|3DMark 06 Score||1836 points|
|PCMark 04 Standard||5657 points|
|PCMark 05 Standard||3978 points|
After only a couple minutes of being turned on (and on idle) the fan announces its presence (in relatively loud manner) and doesn't quit after that. It's the same story all over again after a couple of minutes of employing the machine with load - the fan shifts into higher gear and continually maintains the higher revolution speed.
34.7 / 40.1 / 38.4 dB(A)
||40.3 / dB(A)|
||0 / 40.1 dB(A)|
min: , med: , max: (15 cm distance)
Although we weren't, by any means, lenient towards the Tecra A7, and tried to fatigue it as much as possible, we weren't able to warm up its chassis. Another good sign, which suggests that the material used is in fact magnesium alloy. The maximum measured on the top case was only 38°C. And also at the bottom side the temperature never exceeded 40 degrees Celsius.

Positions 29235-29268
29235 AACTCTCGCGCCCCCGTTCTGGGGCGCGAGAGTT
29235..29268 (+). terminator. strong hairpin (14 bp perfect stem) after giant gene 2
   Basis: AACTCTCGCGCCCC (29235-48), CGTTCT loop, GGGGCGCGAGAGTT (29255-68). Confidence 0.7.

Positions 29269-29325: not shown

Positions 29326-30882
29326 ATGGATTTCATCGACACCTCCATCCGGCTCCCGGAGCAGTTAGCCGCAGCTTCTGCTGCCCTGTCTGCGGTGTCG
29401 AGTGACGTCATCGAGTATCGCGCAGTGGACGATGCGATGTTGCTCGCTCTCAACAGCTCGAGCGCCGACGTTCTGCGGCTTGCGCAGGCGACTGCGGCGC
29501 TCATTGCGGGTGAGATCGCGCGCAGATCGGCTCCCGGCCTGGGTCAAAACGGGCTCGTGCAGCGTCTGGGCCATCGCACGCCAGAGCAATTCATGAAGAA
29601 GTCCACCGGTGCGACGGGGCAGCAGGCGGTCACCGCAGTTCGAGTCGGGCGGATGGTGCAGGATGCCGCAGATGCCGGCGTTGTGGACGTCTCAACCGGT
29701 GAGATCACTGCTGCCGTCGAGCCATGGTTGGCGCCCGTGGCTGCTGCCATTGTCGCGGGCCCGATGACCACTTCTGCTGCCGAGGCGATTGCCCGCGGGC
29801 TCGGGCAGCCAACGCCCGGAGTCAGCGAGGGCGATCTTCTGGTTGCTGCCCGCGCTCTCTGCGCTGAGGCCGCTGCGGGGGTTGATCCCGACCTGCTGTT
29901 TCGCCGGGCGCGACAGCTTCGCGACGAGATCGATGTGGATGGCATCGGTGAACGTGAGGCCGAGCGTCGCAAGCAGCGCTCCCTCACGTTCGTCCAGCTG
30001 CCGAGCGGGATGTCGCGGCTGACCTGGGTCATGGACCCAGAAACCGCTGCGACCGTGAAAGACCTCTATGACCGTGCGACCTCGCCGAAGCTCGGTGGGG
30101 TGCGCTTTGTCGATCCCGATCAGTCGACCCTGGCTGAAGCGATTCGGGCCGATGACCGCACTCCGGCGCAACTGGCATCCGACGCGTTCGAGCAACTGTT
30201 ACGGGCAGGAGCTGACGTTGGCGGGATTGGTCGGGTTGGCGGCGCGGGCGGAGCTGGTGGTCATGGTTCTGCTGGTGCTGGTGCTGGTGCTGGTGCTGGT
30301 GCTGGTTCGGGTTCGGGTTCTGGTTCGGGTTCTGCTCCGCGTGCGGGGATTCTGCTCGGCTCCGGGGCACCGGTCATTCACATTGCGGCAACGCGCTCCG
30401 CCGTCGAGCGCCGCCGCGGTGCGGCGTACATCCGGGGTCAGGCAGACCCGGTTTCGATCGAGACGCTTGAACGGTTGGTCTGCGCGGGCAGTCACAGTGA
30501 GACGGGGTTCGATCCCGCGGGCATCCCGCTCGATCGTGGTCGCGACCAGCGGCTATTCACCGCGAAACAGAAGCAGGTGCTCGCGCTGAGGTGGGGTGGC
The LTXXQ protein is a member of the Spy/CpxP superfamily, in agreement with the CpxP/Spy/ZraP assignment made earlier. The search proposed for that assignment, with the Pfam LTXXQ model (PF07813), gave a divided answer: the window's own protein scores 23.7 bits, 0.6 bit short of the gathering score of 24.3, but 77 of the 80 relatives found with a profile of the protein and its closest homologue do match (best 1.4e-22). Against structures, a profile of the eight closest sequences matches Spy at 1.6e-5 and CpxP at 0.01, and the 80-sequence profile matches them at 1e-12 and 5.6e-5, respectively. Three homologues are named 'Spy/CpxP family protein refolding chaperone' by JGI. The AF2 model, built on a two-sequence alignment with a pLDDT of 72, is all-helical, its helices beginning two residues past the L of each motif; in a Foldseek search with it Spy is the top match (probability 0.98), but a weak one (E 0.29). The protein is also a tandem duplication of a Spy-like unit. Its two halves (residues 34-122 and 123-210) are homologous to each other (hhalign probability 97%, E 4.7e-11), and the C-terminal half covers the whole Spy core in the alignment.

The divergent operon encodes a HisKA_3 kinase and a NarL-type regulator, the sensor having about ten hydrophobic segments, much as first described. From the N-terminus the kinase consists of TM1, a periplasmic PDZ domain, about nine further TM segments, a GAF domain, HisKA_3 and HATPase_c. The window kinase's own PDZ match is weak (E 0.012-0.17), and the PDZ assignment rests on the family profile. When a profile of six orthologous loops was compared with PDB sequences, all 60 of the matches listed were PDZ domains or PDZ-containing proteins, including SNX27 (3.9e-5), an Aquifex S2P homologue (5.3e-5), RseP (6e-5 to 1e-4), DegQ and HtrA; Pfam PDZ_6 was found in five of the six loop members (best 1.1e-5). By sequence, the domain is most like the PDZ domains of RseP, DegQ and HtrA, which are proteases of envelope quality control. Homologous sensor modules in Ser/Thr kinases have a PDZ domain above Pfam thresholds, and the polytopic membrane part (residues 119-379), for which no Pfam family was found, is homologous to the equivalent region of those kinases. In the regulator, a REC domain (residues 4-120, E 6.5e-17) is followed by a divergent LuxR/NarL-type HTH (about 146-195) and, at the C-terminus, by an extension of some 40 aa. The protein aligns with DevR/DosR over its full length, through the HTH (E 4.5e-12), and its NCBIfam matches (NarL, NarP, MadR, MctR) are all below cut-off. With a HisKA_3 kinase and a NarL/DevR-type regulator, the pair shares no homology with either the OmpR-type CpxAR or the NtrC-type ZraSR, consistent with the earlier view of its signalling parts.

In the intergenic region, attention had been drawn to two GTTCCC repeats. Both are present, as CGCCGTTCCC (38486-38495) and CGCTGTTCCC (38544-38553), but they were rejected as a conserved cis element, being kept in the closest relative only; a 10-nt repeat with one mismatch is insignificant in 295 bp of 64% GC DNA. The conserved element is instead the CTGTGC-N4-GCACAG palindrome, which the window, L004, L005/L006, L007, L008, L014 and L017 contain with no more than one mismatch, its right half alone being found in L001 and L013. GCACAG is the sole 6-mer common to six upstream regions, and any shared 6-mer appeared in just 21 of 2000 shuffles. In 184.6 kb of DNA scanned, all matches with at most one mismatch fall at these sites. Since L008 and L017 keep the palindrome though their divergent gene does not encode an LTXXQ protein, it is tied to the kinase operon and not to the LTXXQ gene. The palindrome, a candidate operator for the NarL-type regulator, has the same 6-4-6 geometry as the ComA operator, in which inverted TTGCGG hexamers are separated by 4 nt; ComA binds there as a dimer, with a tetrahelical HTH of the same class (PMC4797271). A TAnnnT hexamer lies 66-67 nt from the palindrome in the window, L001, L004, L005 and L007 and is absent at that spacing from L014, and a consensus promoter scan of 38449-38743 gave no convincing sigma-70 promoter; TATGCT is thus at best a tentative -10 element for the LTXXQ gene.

palmwrist: 29.3°C max: 37.9°C avg: 31.4°C
max: 39.5°C avg: 33.0°C
Although Toshiba doesn't make a fuss about it (there is no sign of any sort on the chassis), the Tecra A7 is equipped with Harman Kardon speakers. Hidden behind an inconspicuous perforated cover, they provide clear but not too loud sound.
One of the few major complaints about Toshiba laptops is invariably the low battery capacity. Equipped with a 4000mAh battery, the battery run time is between an hour (full load) and about two hours.
|Off / Standby||0 / 0 Watt|
|Idle|| 28.3 / 31 / 33.4 Watt|
62 / 51 Watt|
Despite of the before mentioned creaking, the somewhat worn Tecra A7 quite impressed us with its seemingly endless vitality. This laptop really seems very robust, and is that solid, one would possibly need to make a serious effort in order to damage it.
The worst part, on the other hand, is the lousy screen by LG.Philips, which has a rightly has a bad reputation. Still, it seems to be loved by Toshiba without a common-sense reason (we assume that this is a price decision). Its brightness is very low, and the viewing angles are quite horrible. Oh, well...
Thanks to our partners of Notebookcheck Polen, who reviewed this notebook.